Programming Collective Intelligence (Segaran, 2007) uses a multitude of examples to show how data can be combined and analyzed to produce results that are “more human.” The book intersperses text with Python programming snippets. The programming code allows someone to work through all of the examples discussed in the book. At times, some more advanced examples require additional library downloads, but everything in the book is accessible to the reader.

The book covers a wide range o
Alex Smirnov
I've started getting acquainted with machine learning with this book. It covers basic ideas from the ground up and doesn't rely on knowledge of statistics and deeper math. The author is not using Python ML ecosystem and builds all algorithms from the start - which is pretty good if you want to understand the internals of the algorithms. The book covers recommendation systems, classifiers, clustering, and regression models as well as less obvious searching and ranking, optimization and genetic pr ...more
Oliver Day
May 22, 2017 rated it really liked it
great intro to ML/AI algorithms, having worked through the code I can tell you it's worth it, but have the errata page handy on O'Reilly's website as there are often slight mistakes or tweaks. My favourite was chapter 11 genetic programming and chapter 4 for web search engines, bit outdated in places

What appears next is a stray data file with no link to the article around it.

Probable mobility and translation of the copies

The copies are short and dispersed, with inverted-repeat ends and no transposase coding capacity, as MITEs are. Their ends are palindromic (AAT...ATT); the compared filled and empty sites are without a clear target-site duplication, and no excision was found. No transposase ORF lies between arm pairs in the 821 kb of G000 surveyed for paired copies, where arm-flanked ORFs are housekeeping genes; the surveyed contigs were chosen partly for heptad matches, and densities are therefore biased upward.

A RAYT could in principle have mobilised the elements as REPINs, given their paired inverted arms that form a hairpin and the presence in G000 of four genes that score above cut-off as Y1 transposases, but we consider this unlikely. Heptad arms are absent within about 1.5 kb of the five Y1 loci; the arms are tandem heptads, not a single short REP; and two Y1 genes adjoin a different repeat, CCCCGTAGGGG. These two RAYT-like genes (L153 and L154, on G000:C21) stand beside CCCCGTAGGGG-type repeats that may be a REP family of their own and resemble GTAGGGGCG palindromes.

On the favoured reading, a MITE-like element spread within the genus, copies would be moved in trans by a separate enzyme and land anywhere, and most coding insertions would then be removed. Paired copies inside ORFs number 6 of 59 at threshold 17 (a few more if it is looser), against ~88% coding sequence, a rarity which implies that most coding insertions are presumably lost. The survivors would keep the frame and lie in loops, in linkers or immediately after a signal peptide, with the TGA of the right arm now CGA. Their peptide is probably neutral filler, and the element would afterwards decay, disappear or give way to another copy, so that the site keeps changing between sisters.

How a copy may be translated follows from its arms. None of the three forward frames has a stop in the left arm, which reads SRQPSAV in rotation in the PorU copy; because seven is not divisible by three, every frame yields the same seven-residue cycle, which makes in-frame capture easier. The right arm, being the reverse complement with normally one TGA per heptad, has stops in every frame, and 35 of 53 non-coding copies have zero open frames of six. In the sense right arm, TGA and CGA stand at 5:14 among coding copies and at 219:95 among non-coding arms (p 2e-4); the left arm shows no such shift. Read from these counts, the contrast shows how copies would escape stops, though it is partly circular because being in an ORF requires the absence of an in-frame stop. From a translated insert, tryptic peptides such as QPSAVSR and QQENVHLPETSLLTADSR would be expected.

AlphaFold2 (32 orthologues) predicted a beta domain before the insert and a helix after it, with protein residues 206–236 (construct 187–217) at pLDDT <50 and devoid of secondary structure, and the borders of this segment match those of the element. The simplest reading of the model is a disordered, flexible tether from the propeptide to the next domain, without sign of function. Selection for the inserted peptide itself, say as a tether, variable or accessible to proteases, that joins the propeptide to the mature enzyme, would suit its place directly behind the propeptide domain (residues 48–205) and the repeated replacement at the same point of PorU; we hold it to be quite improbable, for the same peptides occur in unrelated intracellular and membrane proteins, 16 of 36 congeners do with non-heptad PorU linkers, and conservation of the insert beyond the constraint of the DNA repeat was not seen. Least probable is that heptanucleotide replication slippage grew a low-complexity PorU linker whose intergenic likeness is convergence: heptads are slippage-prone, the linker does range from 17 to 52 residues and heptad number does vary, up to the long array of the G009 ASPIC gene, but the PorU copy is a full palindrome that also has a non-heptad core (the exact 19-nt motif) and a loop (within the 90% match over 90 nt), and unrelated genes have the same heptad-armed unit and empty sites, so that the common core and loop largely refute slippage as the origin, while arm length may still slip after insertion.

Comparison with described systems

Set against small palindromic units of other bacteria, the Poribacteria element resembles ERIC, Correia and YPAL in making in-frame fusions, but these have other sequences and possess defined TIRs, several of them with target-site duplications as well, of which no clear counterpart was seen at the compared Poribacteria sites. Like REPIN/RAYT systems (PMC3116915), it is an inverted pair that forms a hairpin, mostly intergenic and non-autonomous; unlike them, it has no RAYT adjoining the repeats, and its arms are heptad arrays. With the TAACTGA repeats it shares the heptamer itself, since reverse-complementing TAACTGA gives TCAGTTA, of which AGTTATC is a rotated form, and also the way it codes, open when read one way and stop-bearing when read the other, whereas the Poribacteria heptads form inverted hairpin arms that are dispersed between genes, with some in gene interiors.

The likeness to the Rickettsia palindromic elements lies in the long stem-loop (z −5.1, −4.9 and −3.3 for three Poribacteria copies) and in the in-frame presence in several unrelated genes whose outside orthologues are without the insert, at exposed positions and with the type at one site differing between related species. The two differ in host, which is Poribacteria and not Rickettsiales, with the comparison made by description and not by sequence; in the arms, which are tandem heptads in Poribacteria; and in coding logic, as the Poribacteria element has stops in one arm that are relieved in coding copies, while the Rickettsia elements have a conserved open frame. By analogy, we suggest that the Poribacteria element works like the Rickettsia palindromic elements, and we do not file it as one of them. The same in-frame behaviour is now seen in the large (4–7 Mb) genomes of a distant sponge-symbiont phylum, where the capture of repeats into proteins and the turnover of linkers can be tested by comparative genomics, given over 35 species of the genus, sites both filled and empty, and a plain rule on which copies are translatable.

Mridul Singhai
Aug 21, 2018 rated it really liked it
Slightly outdated for today's times, but still does a good job at describing the practical techniques required to make small features for a pet web application without all the morbidity that surrounds today's age of statistical inference.
Gregory Reshetniak
May 07, 2019 rated it it was amazing
Amazing read, very captivating. Nice learning curve, no sudden unexplained jumps.
Yang Zhang
May 04, 2017 rated it it was amazing
A perfect book for beginners.
Jul 01, 2017 rated it it was amazing
It's a good book, though it has some little mistakes.
I'll read it again to fully understand it.
Scott Sill
Mar 16, 2017 rated it it was amazing